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1 June 2002 Carbon and nitrogen dynamics across a natural precipitation gradient in Patagonia, Argentina
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Both ecosystem carbon gain and nutrient availability are largely constrained by the magnitude and seasonality of precipitation in arid and semi-arid ecosystems. We investigated the role of precipitation on ecosystem processes along an International Geosphere Biosphere Programme (IGBP) transect in temperate South America. The transect consists of a contiguous precipitation gradient in the southern region of Argentinean Patagonia (44–45° S), from 100 mm to 800 mm mean annual precipitation (MAP) and vegetation ranging from desert scrub to closed canopy forest. Gravimetric soil water content tracked changes in seasonal and annual precipitation, with a linear increase in soil water content with increasing MAP. Above-ground net primary production (ANPP) increased linearly along the gradient of precipitation (ANPP = − 31.2 0.52 MAP, r2 = 0.84, p = 0.028), supporting the relationship that carbon assimilation is largely controlled by available water in these sites, and was in general agreement with regional models of ANPP and rainfall. However, inorganic soil nitrogen was also highly linearly correlated with both MAP ([N] = 0.19 MAP − 32, r2 = 0.96, p = 0.003) and ANPP (ANPP = 2.6 [Ninorganic] 59.4, r2 = 0.79, p = 0.042), suggesting a direct control of precipitation on nitrogen turnover and an interaction with nitrogen availability in controlling carbon gain. The asynchrony of precipitation and changes in dominant vegetation may play important roles in determining the carbon-nitrogen interactions along this rainfall gradient.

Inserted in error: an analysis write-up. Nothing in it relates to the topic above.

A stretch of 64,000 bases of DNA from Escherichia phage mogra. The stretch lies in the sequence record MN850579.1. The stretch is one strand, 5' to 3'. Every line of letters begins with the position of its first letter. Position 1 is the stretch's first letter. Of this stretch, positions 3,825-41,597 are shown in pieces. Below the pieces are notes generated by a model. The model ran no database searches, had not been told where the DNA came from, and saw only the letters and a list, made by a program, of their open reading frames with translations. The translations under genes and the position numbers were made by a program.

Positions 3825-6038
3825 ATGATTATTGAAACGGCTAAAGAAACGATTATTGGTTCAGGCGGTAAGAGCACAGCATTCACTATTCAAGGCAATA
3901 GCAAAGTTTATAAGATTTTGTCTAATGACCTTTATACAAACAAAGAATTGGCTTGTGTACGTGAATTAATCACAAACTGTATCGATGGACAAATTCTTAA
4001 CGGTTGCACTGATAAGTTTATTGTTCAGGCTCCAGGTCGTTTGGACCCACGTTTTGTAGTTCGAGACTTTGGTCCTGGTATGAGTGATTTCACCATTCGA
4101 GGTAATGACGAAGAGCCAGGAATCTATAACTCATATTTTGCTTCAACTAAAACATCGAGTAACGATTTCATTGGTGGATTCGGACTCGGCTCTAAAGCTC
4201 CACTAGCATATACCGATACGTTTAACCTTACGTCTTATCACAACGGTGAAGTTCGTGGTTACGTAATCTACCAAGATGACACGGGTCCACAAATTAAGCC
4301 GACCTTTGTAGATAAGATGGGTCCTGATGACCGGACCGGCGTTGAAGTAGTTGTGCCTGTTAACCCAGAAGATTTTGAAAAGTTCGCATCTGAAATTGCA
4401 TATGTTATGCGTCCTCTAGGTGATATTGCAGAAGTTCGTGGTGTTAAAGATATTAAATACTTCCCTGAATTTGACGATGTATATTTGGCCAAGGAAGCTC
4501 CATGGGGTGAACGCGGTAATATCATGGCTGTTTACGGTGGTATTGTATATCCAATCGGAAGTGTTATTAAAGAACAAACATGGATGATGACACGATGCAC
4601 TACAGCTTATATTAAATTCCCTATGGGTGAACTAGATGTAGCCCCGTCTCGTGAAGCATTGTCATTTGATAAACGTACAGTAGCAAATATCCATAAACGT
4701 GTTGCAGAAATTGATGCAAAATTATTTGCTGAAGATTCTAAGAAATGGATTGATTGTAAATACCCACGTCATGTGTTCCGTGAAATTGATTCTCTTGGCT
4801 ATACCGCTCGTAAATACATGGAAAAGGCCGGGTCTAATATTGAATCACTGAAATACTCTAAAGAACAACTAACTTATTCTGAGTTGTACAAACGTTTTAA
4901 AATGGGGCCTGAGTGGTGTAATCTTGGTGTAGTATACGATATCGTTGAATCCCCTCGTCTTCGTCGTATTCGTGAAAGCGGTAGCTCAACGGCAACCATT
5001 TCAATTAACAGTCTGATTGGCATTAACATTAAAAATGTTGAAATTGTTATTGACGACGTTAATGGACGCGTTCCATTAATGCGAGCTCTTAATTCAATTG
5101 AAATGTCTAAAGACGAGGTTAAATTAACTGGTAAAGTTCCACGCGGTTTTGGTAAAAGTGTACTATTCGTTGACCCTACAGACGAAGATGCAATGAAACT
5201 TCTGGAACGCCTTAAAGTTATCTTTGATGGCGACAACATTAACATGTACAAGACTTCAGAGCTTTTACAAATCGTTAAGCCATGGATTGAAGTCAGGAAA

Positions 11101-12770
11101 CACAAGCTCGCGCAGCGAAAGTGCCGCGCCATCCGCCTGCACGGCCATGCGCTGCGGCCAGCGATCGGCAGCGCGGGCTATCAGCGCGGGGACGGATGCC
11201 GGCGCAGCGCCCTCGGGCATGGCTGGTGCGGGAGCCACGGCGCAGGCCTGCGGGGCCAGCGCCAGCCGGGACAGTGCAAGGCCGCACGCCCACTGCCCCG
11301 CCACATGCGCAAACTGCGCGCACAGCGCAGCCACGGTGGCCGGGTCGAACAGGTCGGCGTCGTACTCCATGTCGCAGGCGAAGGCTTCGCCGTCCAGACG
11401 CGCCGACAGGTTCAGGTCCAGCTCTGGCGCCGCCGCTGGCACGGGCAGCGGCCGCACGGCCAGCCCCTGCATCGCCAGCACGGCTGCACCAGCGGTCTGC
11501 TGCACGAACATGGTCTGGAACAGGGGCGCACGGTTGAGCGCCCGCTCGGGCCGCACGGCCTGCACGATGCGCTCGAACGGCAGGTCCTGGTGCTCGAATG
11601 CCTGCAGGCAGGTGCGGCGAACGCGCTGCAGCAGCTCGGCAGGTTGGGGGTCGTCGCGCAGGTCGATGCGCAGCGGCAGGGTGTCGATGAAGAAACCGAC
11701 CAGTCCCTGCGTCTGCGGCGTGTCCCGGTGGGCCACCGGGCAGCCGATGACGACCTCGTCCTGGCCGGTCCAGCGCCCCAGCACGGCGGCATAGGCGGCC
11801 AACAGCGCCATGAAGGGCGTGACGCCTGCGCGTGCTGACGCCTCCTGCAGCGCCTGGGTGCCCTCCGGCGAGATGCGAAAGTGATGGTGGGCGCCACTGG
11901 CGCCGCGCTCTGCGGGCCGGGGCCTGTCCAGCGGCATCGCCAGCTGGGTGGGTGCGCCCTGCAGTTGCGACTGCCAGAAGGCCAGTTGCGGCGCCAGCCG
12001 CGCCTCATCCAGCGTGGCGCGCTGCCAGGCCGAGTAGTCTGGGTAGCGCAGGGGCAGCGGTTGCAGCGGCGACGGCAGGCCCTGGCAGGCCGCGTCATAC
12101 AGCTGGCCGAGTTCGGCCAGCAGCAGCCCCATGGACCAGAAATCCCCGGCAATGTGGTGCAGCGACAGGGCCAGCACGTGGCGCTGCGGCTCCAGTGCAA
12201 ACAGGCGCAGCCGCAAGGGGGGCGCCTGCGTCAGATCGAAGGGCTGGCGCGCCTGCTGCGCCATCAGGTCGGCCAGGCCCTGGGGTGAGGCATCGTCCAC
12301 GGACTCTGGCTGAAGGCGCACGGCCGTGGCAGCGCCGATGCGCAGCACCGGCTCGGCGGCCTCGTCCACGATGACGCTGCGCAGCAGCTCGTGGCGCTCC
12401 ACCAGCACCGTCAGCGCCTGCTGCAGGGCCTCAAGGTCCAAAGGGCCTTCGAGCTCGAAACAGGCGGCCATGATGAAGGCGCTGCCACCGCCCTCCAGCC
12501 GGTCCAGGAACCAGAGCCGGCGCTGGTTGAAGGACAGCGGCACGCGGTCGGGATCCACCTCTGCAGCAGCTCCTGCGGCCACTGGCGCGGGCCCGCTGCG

Nomenclature: Correa (1971); Dimitri (1972).

Abbreviations: ANPP = Above-ground net primary production, IGBP = International Geosphere Biosphere Programme; MAP = Mean annual precipitation.

Amy T. Austin and Osvaldo E. Sala "Carbon and nitrogen dynamics across a natural precipitation gradient in Patagonia, Argentina," Journal of Vegetation Science 13(3), 351-360, (1 June 2002).[0351:CANDAA]2.0.CO;2
Received: 19 February 2001; Accepted: 28 March 2002; Published: 1 June 2002

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